Shifting the tax base from municipalities to the state would make the overall tax system more efficient and equitable. Home owners in low- and middle-income districts would be less likely to pay higher taxes than owners in high-income districts. More education funding could be directed to the schools and students who are most in need. And there would be less incentive for towns and villages to try to stop the construction of affordable and multifamily housing or develop open space for low-density commercial space.
Provide incentives for service-sharing and consolidation
Local government is far more fragmented in the tri-state region than in other places in the United States. Outside New York City, there are 781 municipalities, 702 school districts, 491 fire districts, and dozens more authorities and special districts. Nassau and Suffolk Counties, for example, spend 45 percent more on public services and 60 percent more in property taxes than the comparably sized suburban counties of Fairfax and Loudoun in Virginia. Where northern Virginia had 17 county, town, city, village, and school district governments, Long Island had 239.
Sharing services or consolidating districts could generate economies of scale, deliver services more efficiently, and reduce property taxes. States are making some progress providing grants and technical assistance to municipalities that voluntarily share services, like fire equipment, school food, and transportation. But so far, results have been modest and diffuse. Evidently, it will take more aggressive measures from states to convince municipalities to coordinate. A new program in New York State, the County-wide Shared Services Initiative, is one approach that bears watching. It requires county officials to develop localized plans that find property tax savings from eliminating or coordinating duplicative services. Participating municipalities would be eligible for a one-time match from the state for demonstrated savings. It is too early to see results, but the requirement to develop a county-wide plan is a structure that could be enhanced and replicated.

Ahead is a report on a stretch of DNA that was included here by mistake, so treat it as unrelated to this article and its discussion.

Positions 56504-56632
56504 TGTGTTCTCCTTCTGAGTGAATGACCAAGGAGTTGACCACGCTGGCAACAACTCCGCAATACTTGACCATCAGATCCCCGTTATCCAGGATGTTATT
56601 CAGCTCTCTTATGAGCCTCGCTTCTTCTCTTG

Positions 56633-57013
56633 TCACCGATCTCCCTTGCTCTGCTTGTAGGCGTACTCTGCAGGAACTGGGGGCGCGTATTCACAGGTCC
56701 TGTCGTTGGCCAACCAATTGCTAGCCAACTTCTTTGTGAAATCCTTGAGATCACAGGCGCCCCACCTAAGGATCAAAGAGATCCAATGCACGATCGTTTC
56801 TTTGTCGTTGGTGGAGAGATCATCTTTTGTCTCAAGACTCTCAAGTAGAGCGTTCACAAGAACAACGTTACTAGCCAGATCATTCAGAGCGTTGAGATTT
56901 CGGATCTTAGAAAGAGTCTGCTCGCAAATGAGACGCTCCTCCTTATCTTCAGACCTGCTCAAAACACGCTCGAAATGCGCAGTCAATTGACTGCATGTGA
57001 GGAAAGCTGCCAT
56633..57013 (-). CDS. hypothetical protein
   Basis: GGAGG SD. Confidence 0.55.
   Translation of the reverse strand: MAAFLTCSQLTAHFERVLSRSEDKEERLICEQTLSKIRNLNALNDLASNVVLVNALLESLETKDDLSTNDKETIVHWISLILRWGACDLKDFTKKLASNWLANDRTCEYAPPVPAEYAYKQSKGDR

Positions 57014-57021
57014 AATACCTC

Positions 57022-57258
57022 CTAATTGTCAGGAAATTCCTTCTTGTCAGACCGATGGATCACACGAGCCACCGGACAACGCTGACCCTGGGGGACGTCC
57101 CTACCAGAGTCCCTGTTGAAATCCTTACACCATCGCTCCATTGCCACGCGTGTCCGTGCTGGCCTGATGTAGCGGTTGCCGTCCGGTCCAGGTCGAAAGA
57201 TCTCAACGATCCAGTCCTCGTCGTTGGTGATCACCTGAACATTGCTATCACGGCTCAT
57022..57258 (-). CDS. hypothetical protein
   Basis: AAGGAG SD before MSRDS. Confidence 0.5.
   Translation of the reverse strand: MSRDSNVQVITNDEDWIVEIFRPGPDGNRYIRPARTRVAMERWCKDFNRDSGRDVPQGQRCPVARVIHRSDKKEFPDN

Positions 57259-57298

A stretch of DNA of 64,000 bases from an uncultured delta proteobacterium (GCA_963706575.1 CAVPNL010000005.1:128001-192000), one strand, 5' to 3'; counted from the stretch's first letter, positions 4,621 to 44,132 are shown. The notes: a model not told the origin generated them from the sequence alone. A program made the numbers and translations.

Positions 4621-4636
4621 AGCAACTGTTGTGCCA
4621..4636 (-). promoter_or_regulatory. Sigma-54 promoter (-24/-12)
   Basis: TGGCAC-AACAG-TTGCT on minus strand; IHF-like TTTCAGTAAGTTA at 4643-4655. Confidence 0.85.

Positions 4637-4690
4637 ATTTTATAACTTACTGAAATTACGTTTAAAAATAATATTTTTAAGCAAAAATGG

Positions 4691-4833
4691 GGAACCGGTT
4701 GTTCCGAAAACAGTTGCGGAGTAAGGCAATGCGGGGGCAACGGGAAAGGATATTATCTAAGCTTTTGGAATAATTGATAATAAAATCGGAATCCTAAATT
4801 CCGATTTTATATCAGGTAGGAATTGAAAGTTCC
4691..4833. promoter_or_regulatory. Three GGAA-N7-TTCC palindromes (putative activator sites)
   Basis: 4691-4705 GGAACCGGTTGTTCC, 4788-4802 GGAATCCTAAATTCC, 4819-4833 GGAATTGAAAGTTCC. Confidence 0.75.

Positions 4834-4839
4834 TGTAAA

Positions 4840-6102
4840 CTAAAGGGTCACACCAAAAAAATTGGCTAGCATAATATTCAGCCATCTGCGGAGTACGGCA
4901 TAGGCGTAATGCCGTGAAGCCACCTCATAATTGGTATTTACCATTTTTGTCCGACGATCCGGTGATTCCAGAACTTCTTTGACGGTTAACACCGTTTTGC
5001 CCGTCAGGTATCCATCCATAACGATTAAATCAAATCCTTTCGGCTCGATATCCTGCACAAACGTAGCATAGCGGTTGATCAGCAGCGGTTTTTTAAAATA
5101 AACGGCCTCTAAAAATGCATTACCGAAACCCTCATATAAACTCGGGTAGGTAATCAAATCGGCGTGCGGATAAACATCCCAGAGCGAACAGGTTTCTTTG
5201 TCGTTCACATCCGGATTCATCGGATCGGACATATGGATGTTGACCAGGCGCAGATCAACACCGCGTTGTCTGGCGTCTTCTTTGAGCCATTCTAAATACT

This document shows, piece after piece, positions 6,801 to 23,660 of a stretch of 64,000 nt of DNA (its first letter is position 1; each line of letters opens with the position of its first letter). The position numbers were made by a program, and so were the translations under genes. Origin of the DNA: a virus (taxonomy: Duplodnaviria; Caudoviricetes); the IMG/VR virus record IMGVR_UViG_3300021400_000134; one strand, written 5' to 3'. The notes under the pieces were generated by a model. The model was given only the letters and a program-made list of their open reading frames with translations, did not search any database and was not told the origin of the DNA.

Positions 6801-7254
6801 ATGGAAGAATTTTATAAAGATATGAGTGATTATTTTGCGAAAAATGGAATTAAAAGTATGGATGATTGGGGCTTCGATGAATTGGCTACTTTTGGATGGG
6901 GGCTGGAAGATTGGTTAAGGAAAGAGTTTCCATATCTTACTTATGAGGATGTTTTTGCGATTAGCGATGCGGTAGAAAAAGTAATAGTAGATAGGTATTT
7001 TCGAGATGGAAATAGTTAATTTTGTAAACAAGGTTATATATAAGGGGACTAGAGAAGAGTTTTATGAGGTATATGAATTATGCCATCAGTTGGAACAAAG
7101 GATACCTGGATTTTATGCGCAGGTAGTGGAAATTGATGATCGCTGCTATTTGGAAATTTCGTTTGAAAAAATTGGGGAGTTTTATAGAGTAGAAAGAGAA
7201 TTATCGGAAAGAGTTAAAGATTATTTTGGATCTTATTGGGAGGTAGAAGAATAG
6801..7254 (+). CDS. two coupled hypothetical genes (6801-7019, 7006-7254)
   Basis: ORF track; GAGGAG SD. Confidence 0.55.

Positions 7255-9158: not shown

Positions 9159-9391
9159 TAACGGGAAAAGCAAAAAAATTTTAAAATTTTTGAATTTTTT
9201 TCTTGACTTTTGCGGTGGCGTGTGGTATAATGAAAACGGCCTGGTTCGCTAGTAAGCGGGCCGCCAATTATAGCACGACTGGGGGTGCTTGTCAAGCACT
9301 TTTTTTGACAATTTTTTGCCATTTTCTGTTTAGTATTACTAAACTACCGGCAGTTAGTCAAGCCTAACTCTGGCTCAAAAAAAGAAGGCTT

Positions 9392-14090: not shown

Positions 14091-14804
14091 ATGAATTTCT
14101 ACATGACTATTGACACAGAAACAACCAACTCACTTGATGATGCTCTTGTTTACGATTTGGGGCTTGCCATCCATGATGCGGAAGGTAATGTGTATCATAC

In the longer term, states will need to provide more sustained incentives to achieve significant efficiencies. In cases of extreme inefficiency or inequity from small, fragmented districts, the state should make any state funding contingent on consolidation or an acceptable shared-services plan.
Give cities and counties the ability to diversify their revenue base
New York City and Yonkers have been authorized by the State of New York to levy income taxes. Allowing other cities, counties, and even larger towns and villages the ability to levy income taxes would lead to a more progressive tax structure and generate alternative revenue sources for communities with limited property tax bases. It would also make land-use decisions more rational by putting more emphasis on broader economic benefits rather than direct property tax ratables.